Sunday, November 14, 2010

An UN40K Game of 5150

As the title states, this was a great game of 40K but also UN-40K.  In this case, the rules are 5150, the Two Hour Wargames sci-fi shoot 'em up. It's a solid set of rules, but they do do suffer from some hiccups in the rules-translation-to-tabletop department. That being said, they're fun nonetheless and all it takes is a little bit of consistency and you should be good to go.

Face it, you cannot deny the "cool" factor of Games Workshop's minis, but sometimes you just want try out different rules. That's what we were doing here. Although there's no "official" stat block for our favorite genetic super-soldiers in 5150, you'd be hard-pressed to throw a stick into cyberspace and not find a homegrown set of Space Marine stats.

After all of my pics of Fall-In! tables you may be a little confused here. That's because the table Andy threw together was every bit as luscious as those at Fall-In!, if not more. The funny thing is, other than the terrain mat, most of this stuff was already in-house, so we could've been playing on terrain like this all along basically!

As amazingly tough as Imperial Space Marines are supposed to be, they kind of lose some of their impressiveness in translation to a regular game of 40k. Well, in the spirit of keeping Marines as elite as possible, how about the odds of nearly 7:1? That's right, the Tau Empire forces numbered 66 total models, the marines, Deathwatch in this instance, numbered just ten troops. Now that feels likes a situation Space Marines should be in!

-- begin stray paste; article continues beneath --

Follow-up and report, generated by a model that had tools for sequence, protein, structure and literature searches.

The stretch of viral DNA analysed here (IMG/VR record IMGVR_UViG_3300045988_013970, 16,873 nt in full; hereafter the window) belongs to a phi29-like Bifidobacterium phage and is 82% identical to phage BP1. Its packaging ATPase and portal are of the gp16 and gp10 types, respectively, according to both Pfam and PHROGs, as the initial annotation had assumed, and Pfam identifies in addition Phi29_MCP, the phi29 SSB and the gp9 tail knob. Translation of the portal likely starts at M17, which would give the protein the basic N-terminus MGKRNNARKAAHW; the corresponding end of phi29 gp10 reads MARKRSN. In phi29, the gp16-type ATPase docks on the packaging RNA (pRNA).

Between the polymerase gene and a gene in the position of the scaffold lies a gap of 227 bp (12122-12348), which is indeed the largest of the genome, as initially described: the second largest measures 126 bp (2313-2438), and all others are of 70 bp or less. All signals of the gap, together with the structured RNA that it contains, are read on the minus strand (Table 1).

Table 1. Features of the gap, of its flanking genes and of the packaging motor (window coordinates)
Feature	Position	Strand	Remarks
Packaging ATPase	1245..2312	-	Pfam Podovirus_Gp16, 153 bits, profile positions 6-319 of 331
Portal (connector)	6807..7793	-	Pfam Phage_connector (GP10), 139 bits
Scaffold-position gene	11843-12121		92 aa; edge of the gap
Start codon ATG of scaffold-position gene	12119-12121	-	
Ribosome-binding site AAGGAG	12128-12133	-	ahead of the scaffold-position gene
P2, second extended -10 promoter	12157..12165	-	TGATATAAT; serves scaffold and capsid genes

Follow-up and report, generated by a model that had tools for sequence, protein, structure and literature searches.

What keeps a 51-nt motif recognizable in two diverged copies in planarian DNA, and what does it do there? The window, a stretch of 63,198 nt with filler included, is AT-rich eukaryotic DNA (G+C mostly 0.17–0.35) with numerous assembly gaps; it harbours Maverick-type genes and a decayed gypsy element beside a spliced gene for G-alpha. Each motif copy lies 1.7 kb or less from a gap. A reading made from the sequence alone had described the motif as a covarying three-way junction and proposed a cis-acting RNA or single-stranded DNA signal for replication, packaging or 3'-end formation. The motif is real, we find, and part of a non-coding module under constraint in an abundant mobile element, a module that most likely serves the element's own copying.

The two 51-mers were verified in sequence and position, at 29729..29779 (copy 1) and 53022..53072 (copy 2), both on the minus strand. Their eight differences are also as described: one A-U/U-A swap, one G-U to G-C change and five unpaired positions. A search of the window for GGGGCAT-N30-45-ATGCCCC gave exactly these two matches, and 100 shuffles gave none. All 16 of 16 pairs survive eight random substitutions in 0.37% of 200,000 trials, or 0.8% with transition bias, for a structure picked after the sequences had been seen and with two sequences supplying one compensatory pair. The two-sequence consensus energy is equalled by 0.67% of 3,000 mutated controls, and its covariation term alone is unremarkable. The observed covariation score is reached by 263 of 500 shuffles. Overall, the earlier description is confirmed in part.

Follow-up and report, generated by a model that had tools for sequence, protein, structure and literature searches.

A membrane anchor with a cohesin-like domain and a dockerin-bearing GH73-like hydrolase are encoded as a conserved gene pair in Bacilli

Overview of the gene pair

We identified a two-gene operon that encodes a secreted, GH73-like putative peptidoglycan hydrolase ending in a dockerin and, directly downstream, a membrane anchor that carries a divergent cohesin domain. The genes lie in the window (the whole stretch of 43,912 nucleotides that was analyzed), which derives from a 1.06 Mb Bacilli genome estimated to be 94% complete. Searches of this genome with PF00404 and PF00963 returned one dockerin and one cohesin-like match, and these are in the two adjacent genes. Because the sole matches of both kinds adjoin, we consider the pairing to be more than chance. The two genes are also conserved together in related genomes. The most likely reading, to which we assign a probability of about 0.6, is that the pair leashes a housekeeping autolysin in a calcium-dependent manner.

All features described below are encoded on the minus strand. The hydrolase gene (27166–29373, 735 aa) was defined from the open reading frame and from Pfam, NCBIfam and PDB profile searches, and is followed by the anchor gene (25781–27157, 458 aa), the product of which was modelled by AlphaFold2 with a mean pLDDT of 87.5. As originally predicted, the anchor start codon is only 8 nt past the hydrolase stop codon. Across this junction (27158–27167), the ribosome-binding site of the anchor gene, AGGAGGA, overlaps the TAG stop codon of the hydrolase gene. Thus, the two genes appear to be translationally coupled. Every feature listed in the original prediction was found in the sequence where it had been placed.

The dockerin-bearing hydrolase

If you head over to Andy's blog, Little Lead Heroes, you'll see at least double the number of photos. There were a lot of good ones to pick from and unfortunately some got left behind here, so head over there for yet even more eye candy.

The table was immaculate, so any action on said tabletop was bound to be pretty sweet. We were dealing with a couple of speed bumps with the rules, chief among them being our pure rustiness with them. That's going to hurt just about anyone in the same boat.

Tau orbital bombardments had pulverized the building structures on the far side of the field. This is where two fire-teams of Deathwatch took up defensive positions. The Tau Empire was on the move, reaving the planet along the way, and their primary goal was to get through this contested zone and to the next. The Deathwatch were going to make sure this didn't happen. Three Fire Warrior teams, a Pathfinder team, a stealth team in XV-16 suits, and two squads of Kroot mercs rounded out the Xenos forces. The Deathwatch marines comprised two teams of five, each led by a jump pack equipped sergeant. One squad had a SAW trooper hefting an Astartes-pattern Heavy Bolter. Chapters represented ranged from Howling Griffins, Ultramarines, Black Templars, Blood Angels, and more.